From Oglethorpe to the Overthrow of the Confederacy: Habeas Corpus in Georgia, 1733-1865

59 Pages Posted: 24 Jan 2012 Last revised: 3 Oct 2015

See all articles by Donald E. Wilkes

Donald E. Wilkes

University of Georgia School of Law

Date Written: 2011

Abstract

This Article will provide, for the first time, a comprehensive account of the writ of habeas corpus in Georgia not primarily focused on use of the writ as a postconviction remedy. The Article covers the 132-year period stretching from 1733, when the Georgia colony was established, to 1865, when the Confederate States of America was finally defeated and the American Civil War came to a close.

Keywords: Habeas Corpus, Georgia, Legal History, Constitutional Law, Colonial Period, Civil War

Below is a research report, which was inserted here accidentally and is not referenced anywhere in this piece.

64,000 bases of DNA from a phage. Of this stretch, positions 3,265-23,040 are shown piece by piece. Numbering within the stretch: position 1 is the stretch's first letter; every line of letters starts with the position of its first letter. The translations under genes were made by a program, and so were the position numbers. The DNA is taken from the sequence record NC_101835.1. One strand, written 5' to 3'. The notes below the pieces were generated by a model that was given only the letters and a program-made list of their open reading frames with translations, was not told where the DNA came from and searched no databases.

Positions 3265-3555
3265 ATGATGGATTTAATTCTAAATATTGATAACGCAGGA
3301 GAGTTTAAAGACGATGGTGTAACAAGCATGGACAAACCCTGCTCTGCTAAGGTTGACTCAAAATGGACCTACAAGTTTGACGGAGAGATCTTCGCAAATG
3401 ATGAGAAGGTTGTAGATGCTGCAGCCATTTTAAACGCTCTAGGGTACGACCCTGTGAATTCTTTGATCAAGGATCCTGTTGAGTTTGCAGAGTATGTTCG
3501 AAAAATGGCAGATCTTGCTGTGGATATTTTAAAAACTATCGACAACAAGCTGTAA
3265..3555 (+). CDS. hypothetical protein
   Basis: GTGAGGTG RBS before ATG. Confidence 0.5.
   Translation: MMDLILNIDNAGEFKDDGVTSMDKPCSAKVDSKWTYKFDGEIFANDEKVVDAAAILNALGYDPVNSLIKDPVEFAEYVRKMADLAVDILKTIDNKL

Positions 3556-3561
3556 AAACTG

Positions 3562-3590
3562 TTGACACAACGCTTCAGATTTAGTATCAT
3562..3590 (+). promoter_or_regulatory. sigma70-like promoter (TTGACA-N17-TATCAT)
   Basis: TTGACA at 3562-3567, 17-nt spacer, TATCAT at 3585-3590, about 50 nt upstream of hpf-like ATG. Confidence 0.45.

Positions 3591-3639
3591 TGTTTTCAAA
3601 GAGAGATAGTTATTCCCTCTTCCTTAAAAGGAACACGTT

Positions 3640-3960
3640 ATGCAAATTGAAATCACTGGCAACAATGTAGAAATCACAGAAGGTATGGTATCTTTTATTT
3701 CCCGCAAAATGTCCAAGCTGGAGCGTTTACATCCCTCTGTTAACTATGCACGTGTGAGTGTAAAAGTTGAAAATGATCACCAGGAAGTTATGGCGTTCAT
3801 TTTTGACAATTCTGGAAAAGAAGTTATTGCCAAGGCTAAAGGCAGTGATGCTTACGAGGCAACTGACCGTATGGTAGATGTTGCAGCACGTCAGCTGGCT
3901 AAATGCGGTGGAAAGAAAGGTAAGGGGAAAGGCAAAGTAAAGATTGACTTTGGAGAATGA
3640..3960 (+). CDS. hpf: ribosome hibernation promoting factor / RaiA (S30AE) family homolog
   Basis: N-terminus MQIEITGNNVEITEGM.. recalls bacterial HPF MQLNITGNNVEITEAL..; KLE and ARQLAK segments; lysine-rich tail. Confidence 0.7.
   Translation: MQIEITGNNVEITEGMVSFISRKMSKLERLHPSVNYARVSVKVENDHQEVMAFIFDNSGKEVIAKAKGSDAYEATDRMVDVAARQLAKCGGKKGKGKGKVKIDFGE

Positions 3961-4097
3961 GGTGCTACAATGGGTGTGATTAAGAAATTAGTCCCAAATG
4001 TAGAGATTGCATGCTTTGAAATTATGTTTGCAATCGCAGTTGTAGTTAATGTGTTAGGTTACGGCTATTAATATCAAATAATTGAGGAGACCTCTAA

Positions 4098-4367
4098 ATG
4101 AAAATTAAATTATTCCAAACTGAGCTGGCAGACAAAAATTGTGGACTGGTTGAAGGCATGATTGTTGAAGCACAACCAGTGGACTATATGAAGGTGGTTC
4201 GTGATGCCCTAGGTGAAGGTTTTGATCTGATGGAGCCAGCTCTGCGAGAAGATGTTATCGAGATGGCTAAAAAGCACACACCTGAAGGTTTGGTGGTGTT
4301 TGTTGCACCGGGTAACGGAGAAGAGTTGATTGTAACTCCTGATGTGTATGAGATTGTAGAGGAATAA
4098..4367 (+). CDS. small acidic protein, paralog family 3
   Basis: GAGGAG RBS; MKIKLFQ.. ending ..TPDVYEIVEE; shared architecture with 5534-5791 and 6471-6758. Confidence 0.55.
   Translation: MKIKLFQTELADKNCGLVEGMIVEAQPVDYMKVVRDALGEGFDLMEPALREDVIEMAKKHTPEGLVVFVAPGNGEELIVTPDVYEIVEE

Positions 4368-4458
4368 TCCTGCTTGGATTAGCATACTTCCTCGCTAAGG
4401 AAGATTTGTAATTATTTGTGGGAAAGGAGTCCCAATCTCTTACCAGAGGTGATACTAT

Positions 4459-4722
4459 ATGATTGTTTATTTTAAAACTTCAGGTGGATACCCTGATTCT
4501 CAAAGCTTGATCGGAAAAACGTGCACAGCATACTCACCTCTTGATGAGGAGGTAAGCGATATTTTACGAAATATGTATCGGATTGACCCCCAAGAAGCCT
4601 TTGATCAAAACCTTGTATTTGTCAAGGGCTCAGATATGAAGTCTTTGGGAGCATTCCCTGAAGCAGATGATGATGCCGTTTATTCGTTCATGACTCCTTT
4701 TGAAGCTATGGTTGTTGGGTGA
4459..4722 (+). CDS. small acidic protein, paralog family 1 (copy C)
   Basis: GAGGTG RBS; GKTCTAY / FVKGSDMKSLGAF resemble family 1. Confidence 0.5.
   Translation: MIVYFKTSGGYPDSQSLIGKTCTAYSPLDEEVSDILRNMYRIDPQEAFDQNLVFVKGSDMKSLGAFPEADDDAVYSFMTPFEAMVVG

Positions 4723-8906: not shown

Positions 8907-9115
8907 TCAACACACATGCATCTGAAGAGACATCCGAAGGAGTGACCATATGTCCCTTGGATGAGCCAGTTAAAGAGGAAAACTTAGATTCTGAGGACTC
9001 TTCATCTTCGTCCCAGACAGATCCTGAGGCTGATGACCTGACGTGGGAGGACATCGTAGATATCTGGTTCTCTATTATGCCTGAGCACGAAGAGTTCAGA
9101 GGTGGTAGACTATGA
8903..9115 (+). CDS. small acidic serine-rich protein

JEL Classification: K19

Suggested Citation

Wilkes, Donald E., From Oglethorpe to the Overthrow of the Confederacy: Habeas Corpus in Georgia, 1733-1865 (2011). Georgia Law Review, Vol. 45, pp. 1015-1072, 2011; UGA Legal Studies Research Paper No. 12-01. Available at SSRN: https://ssrn.com/abstract=1990515

Donald E. Wilkes (Contact Author)

University of Georgia School of Law ( email )

225 Herty Drive
Athens, GA 30602
United States

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